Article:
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The Owu Okoroshi Festival, a Festival of Friendliness and Love

Culture is one of the most important concepts within societies because it helps foster unity and love, in other words we must understand and recognize that it plays a crucial role in our social lives. It is important for shaping social relationships, maintaining and challenging social order, determining how we make sense of the world and our place in it, and in shaping our everyday actions and experiences in society. It is composed of both non-material and material things.

Culture defines the non-material aspects of the values and beliefs, language, communication, and practices that are shared in common by a group of people. Expanding on these categories, culture is made up of our knowledge, common sense, assumptions, and expectations.

It is also the rules, norms, laws, and morals that govern society; the words we use as well as how we speak and write them (what sociologists call “discourse”); and the symbols we use to express meaning, ideas, and concepts (like traffic signs and emojis, for example). Culture is also what we do and how we behave and perform (for example, theatre and dance).

It informs and is encapsulated in how we walk, sit, carry our bodies, and interact with others; how we behave depending on the place, time, and “audience;” and how we express identities of race, class, gender, and sexuality, among others. Culture also includes the collective practices we participate in, such as religious ceremonies, the celebration of secular holidays, and attending sporting events.

In Nigeria for instance, culture plays a great role in shaping our growth and philosophy. However, it must be noted here that there are set of harmful traditions which must be expunged from our existence in order to create balance, foster unity and uphold the principles of human rights. in the light of the above postulations, the people of okpualaku ogbaku in Imo state rolled out drums to commemorate an ancient traditional heritage; OWU OKOROSHI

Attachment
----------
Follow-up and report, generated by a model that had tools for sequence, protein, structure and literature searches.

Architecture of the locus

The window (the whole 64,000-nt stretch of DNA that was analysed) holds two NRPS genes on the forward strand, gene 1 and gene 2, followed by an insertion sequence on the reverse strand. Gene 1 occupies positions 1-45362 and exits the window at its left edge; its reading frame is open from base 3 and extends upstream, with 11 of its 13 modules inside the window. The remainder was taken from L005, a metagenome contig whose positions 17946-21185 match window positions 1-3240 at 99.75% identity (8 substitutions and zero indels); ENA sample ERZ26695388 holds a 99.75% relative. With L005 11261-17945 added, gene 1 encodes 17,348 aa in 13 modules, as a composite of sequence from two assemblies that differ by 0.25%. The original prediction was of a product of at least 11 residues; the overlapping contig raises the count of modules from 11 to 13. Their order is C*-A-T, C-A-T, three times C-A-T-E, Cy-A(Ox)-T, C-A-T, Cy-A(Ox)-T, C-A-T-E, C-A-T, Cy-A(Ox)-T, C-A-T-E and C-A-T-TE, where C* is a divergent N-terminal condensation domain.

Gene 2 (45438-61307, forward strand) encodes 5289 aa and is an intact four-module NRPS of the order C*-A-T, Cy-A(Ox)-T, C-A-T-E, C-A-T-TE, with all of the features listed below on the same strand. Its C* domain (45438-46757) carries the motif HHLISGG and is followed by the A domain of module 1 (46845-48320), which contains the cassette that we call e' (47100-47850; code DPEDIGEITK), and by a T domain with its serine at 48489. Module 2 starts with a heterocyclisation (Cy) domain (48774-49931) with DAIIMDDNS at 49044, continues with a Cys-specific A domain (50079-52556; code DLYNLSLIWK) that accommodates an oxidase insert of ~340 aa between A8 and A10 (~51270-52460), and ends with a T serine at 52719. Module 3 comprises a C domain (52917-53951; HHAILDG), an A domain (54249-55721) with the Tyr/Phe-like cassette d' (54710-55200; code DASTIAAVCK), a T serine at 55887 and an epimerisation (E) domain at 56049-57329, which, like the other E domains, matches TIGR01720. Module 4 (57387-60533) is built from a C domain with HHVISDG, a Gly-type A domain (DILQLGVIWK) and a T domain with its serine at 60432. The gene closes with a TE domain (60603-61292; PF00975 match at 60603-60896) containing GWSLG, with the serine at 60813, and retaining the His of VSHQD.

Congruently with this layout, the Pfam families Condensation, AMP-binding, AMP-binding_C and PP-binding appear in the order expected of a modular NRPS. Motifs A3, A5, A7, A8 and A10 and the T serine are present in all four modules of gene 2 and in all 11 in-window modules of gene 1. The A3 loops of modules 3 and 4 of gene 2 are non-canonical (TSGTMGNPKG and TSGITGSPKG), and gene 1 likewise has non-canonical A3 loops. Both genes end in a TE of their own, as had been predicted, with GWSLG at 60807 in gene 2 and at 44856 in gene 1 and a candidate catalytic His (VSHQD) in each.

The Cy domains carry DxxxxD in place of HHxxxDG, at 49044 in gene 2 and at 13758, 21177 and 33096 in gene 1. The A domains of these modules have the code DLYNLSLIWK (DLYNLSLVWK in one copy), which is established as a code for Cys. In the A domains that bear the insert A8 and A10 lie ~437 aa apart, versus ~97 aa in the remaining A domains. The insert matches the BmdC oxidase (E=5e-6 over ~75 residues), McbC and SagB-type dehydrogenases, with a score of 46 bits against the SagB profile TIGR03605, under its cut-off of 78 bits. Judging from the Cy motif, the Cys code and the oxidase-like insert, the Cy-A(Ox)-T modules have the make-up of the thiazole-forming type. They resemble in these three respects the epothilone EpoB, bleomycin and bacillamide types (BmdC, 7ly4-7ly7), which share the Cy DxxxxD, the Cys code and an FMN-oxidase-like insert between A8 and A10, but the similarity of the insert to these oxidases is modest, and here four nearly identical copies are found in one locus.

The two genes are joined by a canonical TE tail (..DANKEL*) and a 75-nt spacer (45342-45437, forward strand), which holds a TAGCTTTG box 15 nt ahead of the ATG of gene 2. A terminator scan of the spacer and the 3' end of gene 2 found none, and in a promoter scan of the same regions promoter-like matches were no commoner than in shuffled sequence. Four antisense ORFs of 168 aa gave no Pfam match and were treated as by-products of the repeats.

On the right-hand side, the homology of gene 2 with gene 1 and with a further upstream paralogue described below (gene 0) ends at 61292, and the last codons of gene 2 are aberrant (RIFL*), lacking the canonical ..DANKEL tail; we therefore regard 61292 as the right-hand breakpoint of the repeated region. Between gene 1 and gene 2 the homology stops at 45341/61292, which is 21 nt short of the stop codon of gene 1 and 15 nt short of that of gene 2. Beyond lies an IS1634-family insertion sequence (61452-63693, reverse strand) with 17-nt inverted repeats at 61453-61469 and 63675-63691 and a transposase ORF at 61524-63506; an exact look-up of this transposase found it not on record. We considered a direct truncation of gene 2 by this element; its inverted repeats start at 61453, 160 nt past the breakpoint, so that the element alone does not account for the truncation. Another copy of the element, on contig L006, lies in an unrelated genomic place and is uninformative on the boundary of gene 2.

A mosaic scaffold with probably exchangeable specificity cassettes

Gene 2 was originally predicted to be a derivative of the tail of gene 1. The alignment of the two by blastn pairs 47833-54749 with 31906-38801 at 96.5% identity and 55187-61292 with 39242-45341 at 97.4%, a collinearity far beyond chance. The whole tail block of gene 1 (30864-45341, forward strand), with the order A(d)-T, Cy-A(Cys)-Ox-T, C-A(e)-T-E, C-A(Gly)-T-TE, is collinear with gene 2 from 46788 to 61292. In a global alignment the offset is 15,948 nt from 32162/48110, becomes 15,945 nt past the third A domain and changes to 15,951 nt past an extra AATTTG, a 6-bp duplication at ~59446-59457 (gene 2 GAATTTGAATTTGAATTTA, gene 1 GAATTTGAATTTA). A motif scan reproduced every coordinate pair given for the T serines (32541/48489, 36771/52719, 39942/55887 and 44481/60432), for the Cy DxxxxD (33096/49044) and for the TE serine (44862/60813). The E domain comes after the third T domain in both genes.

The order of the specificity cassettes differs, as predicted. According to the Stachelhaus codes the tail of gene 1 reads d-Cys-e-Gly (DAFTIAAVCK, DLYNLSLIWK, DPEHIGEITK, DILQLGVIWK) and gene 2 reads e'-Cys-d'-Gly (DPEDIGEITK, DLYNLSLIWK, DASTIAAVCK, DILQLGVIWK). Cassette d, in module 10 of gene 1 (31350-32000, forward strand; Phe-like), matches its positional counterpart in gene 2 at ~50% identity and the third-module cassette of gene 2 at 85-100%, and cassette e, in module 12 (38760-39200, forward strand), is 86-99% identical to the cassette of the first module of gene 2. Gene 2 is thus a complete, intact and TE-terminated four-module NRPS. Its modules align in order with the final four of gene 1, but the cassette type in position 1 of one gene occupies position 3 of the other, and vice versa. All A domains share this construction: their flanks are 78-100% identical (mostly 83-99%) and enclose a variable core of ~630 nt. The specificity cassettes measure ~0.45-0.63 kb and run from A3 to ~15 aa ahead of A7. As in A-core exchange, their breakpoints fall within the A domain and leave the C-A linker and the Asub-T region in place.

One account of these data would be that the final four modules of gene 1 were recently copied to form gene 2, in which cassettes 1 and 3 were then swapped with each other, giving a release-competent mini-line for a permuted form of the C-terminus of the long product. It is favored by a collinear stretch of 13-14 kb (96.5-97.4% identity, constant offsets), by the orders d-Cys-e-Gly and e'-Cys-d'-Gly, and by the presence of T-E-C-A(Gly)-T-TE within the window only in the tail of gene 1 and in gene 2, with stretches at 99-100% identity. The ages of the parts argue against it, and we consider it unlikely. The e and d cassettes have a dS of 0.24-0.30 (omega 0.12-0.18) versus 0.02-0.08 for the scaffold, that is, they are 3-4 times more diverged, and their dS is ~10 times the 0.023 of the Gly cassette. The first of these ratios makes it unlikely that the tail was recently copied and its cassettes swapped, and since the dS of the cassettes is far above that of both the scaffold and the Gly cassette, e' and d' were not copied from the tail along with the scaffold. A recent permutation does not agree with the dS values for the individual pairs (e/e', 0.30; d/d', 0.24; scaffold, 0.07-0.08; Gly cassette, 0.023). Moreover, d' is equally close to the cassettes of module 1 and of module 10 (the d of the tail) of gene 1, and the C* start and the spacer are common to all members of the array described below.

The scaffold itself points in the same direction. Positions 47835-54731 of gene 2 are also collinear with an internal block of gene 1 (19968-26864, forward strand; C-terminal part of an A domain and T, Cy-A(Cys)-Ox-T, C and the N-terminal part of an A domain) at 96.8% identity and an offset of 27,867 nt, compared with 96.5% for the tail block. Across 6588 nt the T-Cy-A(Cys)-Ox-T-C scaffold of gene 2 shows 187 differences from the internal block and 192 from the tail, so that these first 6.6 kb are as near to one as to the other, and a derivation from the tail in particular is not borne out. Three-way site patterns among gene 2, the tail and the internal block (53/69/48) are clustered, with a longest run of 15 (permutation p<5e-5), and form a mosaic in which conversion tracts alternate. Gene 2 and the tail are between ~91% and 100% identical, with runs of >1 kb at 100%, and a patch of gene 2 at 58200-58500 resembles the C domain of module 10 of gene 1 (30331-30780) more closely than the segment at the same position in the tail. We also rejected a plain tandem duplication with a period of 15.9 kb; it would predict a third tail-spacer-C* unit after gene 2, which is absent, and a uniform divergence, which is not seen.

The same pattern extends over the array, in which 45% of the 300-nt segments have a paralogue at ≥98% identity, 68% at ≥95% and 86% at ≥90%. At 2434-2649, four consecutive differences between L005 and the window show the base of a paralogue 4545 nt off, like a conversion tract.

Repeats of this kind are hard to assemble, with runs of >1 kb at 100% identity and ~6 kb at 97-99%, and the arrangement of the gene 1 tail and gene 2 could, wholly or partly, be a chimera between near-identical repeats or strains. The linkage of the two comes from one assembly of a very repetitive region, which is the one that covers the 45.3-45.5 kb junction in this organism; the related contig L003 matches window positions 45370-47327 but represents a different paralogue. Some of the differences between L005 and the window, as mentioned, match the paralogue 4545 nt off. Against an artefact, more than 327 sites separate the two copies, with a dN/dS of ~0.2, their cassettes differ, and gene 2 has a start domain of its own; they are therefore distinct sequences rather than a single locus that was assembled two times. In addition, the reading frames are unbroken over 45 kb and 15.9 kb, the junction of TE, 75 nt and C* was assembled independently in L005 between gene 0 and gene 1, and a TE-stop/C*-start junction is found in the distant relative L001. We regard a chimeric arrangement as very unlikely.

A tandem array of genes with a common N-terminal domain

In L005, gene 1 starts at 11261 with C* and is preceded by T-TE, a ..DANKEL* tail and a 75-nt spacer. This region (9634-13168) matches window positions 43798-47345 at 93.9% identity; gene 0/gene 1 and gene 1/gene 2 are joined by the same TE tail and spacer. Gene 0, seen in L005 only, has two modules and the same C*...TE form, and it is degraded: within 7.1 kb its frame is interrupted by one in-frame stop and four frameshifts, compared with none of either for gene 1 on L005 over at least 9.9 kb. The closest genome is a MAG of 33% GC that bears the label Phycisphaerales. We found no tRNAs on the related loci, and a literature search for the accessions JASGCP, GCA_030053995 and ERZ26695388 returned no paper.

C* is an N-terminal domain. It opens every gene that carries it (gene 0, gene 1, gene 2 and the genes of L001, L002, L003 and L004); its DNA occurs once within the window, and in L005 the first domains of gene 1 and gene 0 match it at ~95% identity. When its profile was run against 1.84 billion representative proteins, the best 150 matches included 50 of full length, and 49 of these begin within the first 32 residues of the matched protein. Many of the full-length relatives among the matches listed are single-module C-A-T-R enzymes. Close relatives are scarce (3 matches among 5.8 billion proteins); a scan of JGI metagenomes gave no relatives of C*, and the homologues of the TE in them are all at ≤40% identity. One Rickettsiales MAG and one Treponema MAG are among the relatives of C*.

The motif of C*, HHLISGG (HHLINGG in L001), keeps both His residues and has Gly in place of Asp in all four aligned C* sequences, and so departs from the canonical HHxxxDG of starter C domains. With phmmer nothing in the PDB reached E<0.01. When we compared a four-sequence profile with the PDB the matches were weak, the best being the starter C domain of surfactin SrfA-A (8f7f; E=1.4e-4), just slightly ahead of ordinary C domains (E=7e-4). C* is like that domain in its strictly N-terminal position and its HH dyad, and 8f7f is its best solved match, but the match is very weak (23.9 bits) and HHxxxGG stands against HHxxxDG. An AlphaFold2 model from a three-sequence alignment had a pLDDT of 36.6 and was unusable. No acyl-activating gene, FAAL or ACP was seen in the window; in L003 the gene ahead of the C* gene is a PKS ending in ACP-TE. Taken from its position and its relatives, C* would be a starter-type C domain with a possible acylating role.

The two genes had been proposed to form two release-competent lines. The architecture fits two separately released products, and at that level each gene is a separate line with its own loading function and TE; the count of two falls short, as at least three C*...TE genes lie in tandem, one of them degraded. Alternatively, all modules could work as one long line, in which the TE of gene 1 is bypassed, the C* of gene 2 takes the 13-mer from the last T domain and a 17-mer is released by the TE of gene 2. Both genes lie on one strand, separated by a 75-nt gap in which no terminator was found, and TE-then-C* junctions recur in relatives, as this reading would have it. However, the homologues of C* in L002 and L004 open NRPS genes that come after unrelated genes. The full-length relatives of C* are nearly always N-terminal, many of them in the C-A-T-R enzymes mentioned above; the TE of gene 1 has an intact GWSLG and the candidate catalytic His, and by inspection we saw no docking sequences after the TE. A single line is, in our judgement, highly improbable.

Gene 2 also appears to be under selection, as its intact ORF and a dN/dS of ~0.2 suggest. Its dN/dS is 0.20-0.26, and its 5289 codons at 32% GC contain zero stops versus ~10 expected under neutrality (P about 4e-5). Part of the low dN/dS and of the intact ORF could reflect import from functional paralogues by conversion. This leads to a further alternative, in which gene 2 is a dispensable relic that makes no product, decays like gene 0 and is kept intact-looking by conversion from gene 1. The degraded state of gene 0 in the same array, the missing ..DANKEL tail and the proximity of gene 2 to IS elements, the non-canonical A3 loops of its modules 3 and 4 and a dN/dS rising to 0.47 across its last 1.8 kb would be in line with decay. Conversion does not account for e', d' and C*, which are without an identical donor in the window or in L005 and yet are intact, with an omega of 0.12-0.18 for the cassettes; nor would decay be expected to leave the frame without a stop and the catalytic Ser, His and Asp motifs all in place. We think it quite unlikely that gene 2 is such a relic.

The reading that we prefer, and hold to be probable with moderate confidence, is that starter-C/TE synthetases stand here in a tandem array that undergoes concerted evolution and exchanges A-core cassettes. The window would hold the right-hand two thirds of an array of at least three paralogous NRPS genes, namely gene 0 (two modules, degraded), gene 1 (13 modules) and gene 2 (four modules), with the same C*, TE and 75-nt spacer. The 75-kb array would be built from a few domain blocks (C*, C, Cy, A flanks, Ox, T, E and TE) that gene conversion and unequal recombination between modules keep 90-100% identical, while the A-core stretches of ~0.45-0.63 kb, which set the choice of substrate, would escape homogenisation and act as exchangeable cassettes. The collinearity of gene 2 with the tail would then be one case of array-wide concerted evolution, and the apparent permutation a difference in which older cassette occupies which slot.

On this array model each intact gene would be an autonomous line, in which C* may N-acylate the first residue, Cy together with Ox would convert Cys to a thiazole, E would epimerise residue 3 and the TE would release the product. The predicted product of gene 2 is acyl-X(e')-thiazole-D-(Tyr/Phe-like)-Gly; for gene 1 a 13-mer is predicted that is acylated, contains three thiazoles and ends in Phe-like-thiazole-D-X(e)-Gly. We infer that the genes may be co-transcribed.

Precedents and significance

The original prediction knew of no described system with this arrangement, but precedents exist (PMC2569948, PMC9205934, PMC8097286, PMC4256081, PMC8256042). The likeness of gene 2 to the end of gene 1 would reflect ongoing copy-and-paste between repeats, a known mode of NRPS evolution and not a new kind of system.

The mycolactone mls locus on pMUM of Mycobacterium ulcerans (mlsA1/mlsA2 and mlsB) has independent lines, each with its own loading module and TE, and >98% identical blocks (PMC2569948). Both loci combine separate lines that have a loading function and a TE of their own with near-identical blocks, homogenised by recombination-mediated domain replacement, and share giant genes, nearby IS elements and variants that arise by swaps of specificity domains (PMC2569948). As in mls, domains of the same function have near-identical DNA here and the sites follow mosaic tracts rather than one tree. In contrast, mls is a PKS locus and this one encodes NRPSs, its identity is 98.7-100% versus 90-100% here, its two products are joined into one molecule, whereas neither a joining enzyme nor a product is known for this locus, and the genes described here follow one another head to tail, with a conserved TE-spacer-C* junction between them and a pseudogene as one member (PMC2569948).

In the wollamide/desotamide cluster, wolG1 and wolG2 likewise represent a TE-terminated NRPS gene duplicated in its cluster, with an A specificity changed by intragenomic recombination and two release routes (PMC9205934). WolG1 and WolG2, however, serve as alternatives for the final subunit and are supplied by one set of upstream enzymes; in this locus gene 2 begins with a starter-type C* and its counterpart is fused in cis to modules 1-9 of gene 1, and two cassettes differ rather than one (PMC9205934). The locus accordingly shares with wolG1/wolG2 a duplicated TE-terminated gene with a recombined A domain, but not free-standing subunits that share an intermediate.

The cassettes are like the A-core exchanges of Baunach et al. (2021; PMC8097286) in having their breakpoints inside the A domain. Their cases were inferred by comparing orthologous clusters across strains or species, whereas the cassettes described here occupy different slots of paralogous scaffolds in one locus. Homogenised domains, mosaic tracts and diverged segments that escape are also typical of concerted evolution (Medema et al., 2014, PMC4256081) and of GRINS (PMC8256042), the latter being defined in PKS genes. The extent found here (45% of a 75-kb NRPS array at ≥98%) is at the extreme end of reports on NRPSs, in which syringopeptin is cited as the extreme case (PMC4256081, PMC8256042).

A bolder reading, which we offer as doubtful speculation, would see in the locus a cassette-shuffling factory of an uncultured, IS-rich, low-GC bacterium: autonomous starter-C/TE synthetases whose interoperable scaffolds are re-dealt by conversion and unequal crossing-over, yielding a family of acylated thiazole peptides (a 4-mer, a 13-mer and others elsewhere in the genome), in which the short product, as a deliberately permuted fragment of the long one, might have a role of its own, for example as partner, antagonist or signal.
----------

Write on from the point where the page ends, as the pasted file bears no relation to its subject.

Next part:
Imo state is also one of the culturally rich state in Nigeria, they observe their traditional heritage with seriousness and Vigour. Every Imo state indigene understands the importance of upholding their values and cultural norms, they don’t joke with any aspect of their tradition no matter how little it may seem.

I witnessed one of such traditions at Ngokoala, where men were initiated into the age grade forum. It was a sight to behold. The arrangement, dances, masquerades, different cultural performances made the day a classy one.

However, my focus today will be on the Owu-Okoroshi festival.

The Owu-Okoroshi Festival is a cultural practice/performance among different communities in Imo State. Okpuala Ogbaku is among these communities that practise the Owu-Okoroshi Festival.

The community shares borders with Okwu, Umuabagwo, both communities are in Ogbaku. Okpuala also have a border with Umuekpu. Umuekpu is a large community in Agwa in Oguta local government area. The Owu-Okoroshi can simply be referred to as Owu.  The Owu is a culture of friendships, unity, and love. People don’t want to know where you came from. All that matters is that you are human and should be embraced and loved.

The Okoroshi does not recognised women. Ladies must not be seen on trousers by the Okoroshi and should never go alone. Women are usually accompanied by an elderly person or any middle-aged youth who has been fully initiated into the Okoroshi cult.

In Okpuala-Ogbaku, virtually all the male youths ranging from age 15 and above are either fully or partially initiated into the cult. Any male youth who is not initiated into this cult in the community is meted out the same treatment as other women.

The full initiation of any youth takes the gathering of other youths who are fully initiated, one or two large trays of rice with stew and meat is prepared with five kegs of palm wine. The Okoroshi is brought into a room with the ‘would be’ youth.

After they have finished eating, the Okoroshi exposes himself to the youth and may try to frighten him as other members of this gathering tactically excuses themselves leaving him with Okoroshi to discuss.

All of these come with much satisfaction to both the family and cult members. This is the initiation into the Okoroshi masquerades.

The Owu-Okoroshi is still practised today, though the interest and followers are gradually waning due to education, Christianity and youth migration to urban centres in search of jobs.

The Okoroshi era is a season of display of high occultic powers amongst communities too. This is a minus in the Owu-Okoroshi practice, though practitioners see it as a season to display power and suppress enemies. The Owu-Okoroshi period is a season of refreshment, enjoyment and community unification.

IMAGE SOURCE- Owerri day

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